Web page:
The air was thick with the scent of incense and freshly cut flowers, as more than a dozen white-robed Orthodox priests sang hymns and recited prayers in a three-hour service at the funeral of Alexander Solzhenitsyn in Moscow.
Broadcast live on state television, the funeral was the epilogue to an extraordinary life that saw war, imprisonment and exile. He was buried in the grounds of Moscow's Donskoi monastery, as a military salute sounded and soldiers marched in formation.
"There goes Russia's last conscience," sighed one elderly man, as the coffin was lowered into the ground. President Dmitry Medvedev looked on, flanked by Solzhenitsyn's widow, Natalya, and his three sons, and appeared to shed a tear as the pallbearers covered the coffin with earth.
When the service began, there was a mere handful of mourners present, but by the end, the small church was packed with hundreds of Russians. A steady stream of people also passed through during the course of the morning, many leaving roses and carnations.
Russians across the political spectrum were there to pay their respects. As well as Mr Medvedev, there was Yury Luzhkov, during whose reign as Mayor of Moscow the city has transformed into a centre of capitalist excess – all the trappings of modern society that Solzhenitsyn railed against in his later years and despised almost as much as Communism. Also present in the church was the writer Eduard Limonov, the leader of the banned National Bolshevik Party. On a normal day, presidential security would not have let him within a mile of Mr Medvedev. He filed past the coffin and the Russian President calmly and without incident.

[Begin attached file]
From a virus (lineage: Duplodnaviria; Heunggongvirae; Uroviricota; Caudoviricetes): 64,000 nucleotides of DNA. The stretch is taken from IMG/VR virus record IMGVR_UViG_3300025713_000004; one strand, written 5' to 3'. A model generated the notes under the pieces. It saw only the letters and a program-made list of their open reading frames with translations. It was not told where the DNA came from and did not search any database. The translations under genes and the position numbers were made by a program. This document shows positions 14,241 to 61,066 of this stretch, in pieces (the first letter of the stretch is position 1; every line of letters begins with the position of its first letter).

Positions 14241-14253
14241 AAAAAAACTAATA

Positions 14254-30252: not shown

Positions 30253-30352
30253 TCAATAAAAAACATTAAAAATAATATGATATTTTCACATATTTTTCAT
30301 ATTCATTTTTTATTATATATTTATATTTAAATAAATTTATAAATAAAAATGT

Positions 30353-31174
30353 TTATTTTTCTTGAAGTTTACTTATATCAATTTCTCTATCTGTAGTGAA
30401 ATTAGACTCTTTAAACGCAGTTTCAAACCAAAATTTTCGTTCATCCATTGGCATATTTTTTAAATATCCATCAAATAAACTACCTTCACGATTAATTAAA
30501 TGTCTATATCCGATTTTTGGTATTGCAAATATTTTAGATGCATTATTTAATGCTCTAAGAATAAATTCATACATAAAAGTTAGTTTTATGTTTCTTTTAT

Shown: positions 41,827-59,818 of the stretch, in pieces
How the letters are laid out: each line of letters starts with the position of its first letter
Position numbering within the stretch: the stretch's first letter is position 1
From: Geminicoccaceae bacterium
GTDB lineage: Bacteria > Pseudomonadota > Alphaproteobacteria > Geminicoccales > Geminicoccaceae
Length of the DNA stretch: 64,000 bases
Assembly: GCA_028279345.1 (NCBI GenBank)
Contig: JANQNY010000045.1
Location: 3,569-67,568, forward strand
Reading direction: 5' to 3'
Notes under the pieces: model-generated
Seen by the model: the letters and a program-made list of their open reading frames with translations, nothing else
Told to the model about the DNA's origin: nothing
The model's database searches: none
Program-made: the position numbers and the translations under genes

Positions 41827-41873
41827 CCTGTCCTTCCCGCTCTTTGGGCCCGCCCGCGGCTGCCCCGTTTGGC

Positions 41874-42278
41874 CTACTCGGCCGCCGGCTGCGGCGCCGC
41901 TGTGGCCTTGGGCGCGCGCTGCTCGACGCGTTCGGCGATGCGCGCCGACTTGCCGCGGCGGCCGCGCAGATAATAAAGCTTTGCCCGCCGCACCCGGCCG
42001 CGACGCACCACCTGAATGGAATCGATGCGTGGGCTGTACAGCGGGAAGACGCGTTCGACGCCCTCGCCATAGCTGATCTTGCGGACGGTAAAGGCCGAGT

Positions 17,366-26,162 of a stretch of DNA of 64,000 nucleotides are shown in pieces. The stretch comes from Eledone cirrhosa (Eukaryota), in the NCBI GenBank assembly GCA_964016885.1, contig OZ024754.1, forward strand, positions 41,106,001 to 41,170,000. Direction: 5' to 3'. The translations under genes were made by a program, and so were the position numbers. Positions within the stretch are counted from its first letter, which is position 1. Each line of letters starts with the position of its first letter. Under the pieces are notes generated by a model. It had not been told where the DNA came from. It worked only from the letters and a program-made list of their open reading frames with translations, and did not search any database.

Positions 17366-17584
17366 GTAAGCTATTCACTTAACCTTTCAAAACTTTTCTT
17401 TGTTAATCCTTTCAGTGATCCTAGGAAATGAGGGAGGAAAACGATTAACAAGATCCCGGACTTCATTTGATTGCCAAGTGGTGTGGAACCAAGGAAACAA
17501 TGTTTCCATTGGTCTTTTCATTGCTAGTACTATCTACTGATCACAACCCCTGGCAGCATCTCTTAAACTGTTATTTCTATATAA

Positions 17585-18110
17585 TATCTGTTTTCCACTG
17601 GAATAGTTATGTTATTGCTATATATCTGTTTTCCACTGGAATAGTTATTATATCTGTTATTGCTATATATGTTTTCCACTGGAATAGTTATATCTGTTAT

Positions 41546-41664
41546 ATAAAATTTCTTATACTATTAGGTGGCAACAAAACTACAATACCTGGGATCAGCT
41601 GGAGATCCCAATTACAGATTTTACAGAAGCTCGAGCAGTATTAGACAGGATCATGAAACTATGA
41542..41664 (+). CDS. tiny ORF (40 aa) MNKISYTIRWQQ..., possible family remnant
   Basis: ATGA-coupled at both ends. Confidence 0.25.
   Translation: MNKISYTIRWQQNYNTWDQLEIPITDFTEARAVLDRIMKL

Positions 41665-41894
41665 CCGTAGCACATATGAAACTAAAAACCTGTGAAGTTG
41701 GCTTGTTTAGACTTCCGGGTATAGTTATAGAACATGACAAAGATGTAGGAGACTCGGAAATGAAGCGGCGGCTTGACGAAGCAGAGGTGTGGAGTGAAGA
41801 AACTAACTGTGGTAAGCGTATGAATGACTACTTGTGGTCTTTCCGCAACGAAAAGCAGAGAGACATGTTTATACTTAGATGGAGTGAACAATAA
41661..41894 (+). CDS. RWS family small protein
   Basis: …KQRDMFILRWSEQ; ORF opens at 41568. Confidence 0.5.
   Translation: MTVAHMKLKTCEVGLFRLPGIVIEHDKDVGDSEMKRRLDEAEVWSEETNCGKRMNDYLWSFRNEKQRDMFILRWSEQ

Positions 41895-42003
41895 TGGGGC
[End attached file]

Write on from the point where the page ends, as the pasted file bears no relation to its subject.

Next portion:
Most Russians of Solzhenitsyn's stature are buried in the prestigious Novodevichy monastery, where former president Boris Yeltsin and the cellist and conductor Mstislav Rostropovich were laid to rest last year. But the writer himself had asked five years ago to be buried at Donskoi, and it seemed a fitting last resting place. The Second World War tanks, heavy artillery and Russian flags on display at the entrance might seem out of place in a monastery, but would have appealed to the writer, an ardent Russian nationalist and Orthodox believer, who, even in his American exile, had criticised the West.
Solzhenitsyn, whose writings about the Gulag opened the eyes of people both inside and outside the Soviet Union to the horrors of the Soviet labour camp system, died on Sunday, aged 89. Mr Medvedev has issued a decree establishing a scholarship in Solzhenitsyn's honour and ordering the Moscow government to rename a street after him.Reuse content